Texas Medical Debt Statute of Limitations
If you’re facing medical debt in Texas, it’s important to understand the state’s statute of limitations for such debts. A statute of limitations sets a deadline for legal action to be taken against a person or entity, which means that once the time limit has passed, a creditor cannot legally sue you for payment. In Texas, the statute of limitations for medical debt is four years.
What Is Included in Medical Debt?
Medical debt can include any costs related to medical care, such as hospital stays, surgeries, doctor visits, and prescription drugs. It can also include bills from laboratories, radiologists, and other medical professionals who provided services related to your medical care.
How Does the Statute of Limitations Work?
The statute of limitations begins on the date of the last payment made towards the medical debt. So, if you made a payment on March 1, 2018, the four-year statute of limitations would begin on that date. If you don’t make any payments towards the debt, the statute of limitations begins on the date of service or treatment.
Once the statute of limitations has expired, the creditor cannot legally sue you for payment. However, it’s important to note that if you make a payment towards the debt after the statute of limitations has expired, it can restart the clock and give the creditor the ability to sue you again.
Can Medical Debt Be Removed from Your Credit Report?
Medical debt can be reported to credit bureaus and can negatively impact your credit score. However, a new rule from the three major credit bureaus, Equifax, Experian, and TransUnion, requires medical debt to be given a 180-day waiting period before it can be reported on your credit report. This allows time for insurance payments to be processed and for any billing errors to be corrected.
Additionally, you have the right to dispute any errors on your credit report, including medical debts that were reported incorrectly. It’s important to regularly check your credit report to ensure that all information is accurate.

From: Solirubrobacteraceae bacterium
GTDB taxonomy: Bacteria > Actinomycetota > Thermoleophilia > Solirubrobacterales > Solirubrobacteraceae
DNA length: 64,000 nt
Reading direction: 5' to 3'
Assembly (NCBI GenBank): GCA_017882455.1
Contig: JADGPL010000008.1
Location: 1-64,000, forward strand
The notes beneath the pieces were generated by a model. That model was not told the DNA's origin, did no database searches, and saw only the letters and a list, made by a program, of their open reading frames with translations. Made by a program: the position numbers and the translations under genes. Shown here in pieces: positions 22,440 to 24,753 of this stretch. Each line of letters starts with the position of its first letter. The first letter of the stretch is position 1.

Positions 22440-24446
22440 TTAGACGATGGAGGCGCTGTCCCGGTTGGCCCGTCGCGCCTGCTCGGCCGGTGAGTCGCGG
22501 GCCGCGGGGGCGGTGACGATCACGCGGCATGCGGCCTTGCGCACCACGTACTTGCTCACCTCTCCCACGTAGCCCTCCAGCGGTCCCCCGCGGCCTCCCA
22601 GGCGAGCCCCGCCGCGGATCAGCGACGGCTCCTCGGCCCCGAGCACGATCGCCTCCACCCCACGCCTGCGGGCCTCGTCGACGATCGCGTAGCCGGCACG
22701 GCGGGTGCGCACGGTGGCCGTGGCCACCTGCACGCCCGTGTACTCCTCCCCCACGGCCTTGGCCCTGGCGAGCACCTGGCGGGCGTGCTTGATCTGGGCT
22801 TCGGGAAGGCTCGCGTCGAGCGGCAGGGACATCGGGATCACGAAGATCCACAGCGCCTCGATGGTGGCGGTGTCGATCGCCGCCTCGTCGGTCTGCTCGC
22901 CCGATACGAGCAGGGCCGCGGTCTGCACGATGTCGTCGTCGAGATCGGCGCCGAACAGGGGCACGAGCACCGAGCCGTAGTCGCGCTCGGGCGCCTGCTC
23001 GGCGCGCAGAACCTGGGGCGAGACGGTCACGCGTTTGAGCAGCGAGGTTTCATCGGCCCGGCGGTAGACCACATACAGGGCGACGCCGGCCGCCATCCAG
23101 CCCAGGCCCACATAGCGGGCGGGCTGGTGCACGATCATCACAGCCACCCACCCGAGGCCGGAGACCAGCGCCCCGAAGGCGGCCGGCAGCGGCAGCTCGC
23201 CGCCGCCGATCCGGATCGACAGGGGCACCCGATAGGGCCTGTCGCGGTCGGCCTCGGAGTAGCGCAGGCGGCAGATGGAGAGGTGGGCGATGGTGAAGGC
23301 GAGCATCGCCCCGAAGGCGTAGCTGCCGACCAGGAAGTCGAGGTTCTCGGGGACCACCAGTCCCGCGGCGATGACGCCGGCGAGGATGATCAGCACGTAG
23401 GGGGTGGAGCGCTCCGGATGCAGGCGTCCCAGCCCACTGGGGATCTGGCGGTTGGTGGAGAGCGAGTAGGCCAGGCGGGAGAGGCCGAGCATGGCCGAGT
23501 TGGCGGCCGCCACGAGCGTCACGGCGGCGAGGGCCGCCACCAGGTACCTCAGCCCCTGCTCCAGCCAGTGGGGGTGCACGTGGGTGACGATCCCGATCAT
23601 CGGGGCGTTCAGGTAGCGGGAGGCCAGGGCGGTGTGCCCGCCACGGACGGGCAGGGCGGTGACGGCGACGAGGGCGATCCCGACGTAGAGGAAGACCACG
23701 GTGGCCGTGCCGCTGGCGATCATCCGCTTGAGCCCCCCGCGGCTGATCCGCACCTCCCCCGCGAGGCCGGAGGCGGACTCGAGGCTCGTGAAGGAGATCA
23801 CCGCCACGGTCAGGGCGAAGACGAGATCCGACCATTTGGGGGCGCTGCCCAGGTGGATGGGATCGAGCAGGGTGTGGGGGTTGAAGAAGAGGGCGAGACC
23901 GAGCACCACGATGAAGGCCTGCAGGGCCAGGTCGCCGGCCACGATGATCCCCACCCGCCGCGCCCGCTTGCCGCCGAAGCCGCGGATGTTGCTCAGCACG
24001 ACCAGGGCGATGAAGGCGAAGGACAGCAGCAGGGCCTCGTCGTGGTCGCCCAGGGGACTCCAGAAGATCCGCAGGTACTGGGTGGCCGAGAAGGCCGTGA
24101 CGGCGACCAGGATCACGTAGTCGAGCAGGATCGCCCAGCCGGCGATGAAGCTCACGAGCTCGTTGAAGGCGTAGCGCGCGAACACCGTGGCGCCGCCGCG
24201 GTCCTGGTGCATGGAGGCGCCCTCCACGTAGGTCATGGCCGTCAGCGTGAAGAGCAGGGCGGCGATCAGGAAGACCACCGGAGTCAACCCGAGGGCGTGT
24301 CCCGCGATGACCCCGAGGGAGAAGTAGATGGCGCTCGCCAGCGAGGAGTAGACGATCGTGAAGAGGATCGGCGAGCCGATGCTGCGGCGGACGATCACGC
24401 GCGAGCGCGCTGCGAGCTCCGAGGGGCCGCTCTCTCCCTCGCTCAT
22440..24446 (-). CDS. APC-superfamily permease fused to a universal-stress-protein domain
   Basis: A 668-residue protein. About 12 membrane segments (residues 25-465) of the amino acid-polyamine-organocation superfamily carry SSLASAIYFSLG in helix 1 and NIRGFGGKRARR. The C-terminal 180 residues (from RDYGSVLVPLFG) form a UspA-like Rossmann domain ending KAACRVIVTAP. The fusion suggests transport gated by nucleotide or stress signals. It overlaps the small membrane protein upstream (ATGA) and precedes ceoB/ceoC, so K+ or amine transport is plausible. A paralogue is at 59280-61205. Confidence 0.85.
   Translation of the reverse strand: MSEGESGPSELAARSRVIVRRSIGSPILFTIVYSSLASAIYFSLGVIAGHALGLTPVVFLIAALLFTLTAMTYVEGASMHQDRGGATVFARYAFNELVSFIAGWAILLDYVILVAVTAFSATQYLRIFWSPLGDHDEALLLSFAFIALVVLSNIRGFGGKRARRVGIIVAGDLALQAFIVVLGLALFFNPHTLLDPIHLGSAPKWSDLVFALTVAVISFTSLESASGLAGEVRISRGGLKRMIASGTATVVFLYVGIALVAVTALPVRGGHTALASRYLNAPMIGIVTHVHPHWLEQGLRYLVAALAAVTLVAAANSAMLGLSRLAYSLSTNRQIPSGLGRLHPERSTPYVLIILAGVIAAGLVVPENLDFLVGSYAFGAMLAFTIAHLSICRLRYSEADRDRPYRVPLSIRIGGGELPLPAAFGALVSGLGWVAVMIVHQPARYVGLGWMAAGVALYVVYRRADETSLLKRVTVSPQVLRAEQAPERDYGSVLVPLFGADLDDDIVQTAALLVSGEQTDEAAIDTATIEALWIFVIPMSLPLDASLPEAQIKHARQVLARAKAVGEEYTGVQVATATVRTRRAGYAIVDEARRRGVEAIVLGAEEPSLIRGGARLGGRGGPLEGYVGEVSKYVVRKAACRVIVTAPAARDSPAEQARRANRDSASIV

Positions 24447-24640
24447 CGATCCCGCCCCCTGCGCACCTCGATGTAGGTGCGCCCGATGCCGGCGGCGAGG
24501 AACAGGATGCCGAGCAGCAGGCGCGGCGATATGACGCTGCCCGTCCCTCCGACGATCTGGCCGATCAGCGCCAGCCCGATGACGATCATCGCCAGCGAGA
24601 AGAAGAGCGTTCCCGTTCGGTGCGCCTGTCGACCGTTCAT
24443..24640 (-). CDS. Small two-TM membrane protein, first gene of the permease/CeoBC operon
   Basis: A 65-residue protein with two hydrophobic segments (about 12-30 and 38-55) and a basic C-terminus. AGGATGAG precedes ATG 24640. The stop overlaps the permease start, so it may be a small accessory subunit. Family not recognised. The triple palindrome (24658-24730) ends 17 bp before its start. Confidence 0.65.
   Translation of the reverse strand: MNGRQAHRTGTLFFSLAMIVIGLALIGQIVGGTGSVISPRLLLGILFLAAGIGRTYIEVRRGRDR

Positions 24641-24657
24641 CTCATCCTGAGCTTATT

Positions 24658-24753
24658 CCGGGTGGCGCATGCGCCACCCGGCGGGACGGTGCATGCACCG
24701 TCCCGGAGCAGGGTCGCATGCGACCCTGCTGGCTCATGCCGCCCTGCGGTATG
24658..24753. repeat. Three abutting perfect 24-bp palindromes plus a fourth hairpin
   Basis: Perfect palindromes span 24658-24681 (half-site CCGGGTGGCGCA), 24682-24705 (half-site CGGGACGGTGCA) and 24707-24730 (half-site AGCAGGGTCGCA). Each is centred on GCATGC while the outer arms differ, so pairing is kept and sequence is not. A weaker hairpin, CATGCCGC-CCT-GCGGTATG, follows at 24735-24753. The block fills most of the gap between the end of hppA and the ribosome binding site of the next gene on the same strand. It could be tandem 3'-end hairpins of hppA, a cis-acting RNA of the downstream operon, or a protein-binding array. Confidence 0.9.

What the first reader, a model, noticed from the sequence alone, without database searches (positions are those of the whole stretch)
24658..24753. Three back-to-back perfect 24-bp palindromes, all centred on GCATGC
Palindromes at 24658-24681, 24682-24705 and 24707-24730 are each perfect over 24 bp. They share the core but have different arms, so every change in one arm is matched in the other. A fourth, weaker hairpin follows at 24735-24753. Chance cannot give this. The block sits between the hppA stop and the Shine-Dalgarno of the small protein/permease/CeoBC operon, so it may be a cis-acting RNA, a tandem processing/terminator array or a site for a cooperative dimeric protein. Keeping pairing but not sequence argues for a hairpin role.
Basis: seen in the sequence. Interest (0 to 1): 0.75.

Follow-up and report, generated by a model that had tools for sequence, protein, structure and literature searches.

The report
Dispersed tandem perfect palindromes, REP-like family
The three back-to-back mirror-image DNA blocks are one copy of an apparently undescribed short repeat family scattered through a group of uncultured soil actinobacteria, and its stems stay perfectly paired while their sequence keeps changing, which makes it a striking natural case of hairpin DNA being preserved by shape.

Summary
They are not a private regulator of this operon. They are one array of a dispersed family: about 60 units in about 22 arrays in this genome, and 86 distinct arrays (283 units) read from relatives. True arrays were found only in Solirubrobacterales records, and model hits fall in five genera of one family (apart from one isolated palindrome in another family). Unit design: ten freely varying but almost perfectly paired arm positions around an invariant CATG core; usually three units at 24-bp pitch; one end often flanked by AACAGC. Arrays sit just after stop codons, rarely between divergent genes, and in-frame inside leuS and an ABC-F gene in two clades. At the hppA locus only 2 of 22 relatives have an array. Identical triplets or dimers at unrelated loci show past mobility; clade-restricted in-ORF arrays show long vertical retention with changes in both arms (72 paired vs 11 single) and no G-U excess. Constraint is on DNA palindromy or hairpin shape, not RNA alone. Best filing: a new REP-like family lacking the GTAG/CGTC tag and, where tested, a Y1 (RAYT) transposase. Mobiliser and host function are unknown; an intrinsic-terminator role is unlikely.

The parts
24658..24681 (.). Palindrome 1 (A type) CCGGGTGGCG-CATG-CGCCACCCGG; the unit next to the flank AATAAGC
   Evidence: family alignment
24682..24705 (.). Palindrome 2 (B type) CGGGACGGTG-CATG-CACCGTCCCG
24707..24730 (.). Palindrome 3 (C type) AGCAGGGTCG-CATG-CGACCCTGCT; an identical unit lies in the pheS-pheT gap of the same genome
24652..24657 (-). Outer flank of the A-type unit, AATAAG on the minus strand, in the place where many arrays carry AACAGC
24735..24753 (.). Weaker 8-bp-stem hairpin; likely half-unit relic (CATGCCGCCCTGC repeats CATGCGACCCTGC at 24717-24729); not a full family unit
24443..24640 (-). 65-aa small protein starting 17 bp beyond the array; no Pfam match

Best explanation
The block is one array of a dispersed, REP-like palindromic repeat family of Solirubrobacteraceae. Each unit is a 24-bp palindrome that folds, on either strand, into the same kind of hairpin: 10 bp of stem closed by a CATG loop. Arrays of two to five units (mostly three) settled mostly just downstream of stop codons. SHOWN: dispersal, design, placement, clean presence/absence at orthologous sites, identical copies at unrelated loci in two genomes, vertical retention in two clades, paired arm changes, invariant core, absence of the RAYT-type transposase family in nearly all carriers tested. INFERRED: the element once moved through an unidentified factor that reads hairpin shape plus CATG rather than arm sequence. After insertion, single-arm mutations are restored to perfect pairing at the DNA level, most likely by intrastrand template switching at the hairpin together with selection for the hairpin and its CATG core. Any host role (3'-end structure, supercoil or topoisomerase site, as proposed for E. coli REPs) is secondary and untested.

What Are Your Options for Dealing with Medical Debt?
If you’re struggling with medical debt, there are several options available to you:
Negotiate with the healthcare provider or collection agency: Many healthcare providers and collection agencies are willing to work out payment plans or settle the debt for less than the full amount owed.
Consider bankruptcy: While not an ideal solution, filing for bankruptcy can discharge medical debt and provide you with a fresh start.
Seek assistance: There are several nonprofit organizations that offer assistance with medical debt, including the National Patient Advocate Foundation and RIP Medical Debt.
Work with a credit counseling agency: A credit counseling agency can help you create a budget and develop a plan to pay off your medical debt.
Medical debt in Texas is subject to a four-year statute of limitations, which means that once the time limit has passed, a creditor cannot legally sue you for payment. However, it’s important to understand your options for dealing with medical debt and to regularly check your credit report to ensure that any information reported is accurate.
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